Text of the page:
AFRICANGLOBE – It is 9:58 am on a Tuesday morning. A group of shoppers wait anxiously for South African chain Woolworths to open at 10:00 am. Two of the irritated shoppers, Andre and Alicia, originally from Portugal, live in a $5000 per month condo, situated on the third floor of this commercial center.
Not surprised by the rent they pay in Maputo’s newest shopping mall, Centro Commercial Mares, they are disturbed by the hours of operation for businesses in the shopping center. The price, they say, is worth it because they have safety and reliable utilities and are situated next to Maputo’s famous Costa do Sol beach.
Further south along Avenida Marginal, a seafront road along Mozambique’s booming capital, sits the newly erected Radisson Blu hotel and the construction site for the expansion of the Southern Sun hotel. A quick right turn up Rua Jose Craveirinha takes you to Avenida Julius Nyerere and the growth center of Maputo’s real estate boom.
Apartment blocks, hotels and modern offices characterise the changing waterfront and city center of Maputo. Slowly displacing the Portuguese colonial style buildings are new condominiums and two to three bedroom apartments that rent for at least $2000 to $3000.
The older apartments will still cost about $800 to $1000. Mozambique’s GDP per capita will hit about $1250 for 2013. Prices are obviously inflated. But regardless the increase in price, buyers come in doves, largely from Mozambique’s thriving energy industry.
It is no wonder people think this country is Angola waiting to happen, says a finance manager at Vale, at current projected growth numbers for real estate prices, only oil & gas companies will survive in the country.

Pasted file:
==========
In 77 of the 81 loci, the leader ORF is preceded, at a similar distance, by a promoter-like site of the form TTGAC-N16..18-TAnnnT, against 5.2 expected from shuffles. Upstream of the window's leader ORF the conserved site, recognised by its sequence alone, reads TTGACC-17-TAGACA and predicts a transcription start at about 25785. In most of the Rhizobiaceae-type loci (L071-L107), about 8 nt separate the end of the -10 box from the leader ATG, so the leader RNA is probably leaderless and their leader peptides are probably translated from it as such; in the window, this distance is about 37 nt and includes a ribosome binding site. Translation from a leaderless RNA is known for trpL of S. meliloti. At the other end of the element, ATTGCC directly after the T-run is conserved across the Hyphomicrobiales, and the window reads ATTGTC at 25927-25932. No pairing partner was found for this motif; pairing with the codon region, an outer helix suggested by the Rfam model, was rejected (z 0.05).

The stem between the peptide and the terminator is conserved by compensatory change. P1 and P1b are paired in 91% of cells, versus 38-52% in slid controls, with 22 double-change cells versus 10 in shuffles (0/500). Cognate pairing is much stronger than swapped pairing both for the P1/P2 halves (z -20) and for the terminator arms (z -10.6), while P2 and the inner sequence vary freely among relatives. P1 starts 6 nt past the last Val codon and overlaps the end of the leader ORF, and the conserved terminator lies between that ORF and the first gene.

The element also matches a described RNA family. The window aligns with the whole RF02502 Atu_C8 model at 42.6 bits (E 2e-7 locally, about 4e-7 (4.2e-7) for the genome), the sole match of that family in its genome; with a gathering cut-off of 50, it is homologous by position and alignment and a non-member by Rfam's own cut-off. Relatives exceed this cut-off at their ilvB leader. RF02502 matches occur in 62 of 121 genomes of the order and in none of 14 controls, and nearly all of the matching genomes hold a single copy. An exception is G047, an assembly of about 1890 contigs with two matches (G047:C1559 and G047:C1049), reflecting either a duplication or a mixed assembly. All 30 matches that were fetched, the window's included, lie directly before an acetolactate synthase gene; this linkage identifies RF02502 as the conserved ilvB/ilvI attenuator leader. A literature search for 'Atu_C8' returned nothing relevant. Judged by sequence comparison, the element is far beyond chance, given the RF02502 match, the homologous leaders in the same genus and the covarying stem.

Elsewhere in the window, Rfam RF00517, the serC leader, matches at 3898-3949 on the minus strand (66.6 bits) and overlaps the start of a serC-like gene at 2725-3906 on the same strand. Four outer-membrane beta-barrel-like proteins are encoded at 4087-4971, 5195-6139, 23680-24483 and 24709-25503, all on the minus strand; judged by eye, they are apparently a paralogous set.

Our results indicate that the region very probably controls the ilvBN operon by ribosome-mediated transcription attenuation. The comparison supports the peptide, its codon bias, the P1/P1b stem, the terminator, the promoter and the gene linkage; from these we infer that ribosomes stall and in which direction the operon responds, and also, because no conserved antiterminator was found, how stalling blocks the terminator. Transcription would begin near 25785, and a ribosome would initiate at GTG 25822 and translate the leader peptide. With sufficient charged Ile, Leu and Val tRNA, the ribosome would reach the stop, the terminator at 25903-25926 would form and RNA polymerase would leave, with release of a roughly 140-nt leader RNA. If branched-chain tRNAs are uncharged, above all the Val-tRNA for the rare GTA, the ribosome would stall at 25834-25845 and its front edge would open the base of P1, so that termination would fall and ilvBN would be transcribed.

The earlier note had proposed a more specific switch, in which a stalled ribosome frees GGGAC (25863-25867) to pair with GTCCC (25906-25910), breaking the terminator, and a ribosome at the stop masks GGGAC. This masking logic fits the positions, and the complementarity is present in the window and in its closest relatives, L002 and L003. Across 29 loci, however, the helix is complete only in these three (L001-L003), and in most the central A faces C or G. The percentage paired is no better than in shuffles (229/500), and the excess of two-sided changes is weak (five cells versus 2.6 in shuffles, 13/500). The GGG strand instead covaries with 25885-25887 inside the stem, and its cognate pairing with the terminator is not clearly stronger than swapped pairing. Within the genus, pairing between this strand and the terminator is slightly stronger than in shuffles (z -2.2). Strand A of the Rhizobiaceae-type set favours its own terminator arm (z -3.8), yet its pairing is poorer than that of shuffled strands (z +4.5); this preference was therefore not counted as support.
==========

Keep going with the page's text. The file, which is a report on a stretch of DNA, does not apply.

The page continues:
Office space in the city center goes upwards of $40 per square meter. The price is expensive but not too extreme. But with the growing influx of foreign investors and companies, the prices can only remain reasonable for another one or two years. For comparison, Luanda, Angola’s thriving capital offered similar prices per square meter before its oil boom. Now businessmen pay upwards of $100 per square meter in the city. The change in prices, continues the finance manager at Vale, climbed sharply from reasonable to ridiculous in a matter of two years.
For several years Luanda has been in the top two for most expensive cities in the world, often taking the top spot. That is partly due to a rapid influx of oil money and partly due to a limited supply of goods after the civil war ended in 2002. Maputo is more gas money than oil money (for now) and has strong trade with South African companies. But the positives that lend well for keeping food prices down do not affect real estate.
Specifically limited supply of hotel rooms and office spaces will persist for the near future. If you could double the amount of real estate tomorrow, says one government insider, then maybe price growth could slow. This is not possible but do not think investors and developers are not working together to make such growth happen in near term.
Skyrocketing prices and accompanying investment returns attract investors from Europe and Asia. The Portuguese were first movers of some sort to their former colonial outpost but have been slowed by tightening restrictions on their movement into the country. Now other Europeans join the South Africans and Asians in reaping the rewards of the sector.
Maputo may not see Angola’s prices for local goods. A bar of soap in Luanda can be double the price of the same brand in Maputo. The same goes for certain foods and beverages. Maputo is still a tourism heaven, says one local real estate agent, with its beaches, open culture, and kind people which are hard to find in tandem in most parts of the world. But, he continues, one cannot think that the gun on its flag feels pressed against your head when you see the bill for your monthly rent whether commercial or personal.
By: Kurt Davis Jr.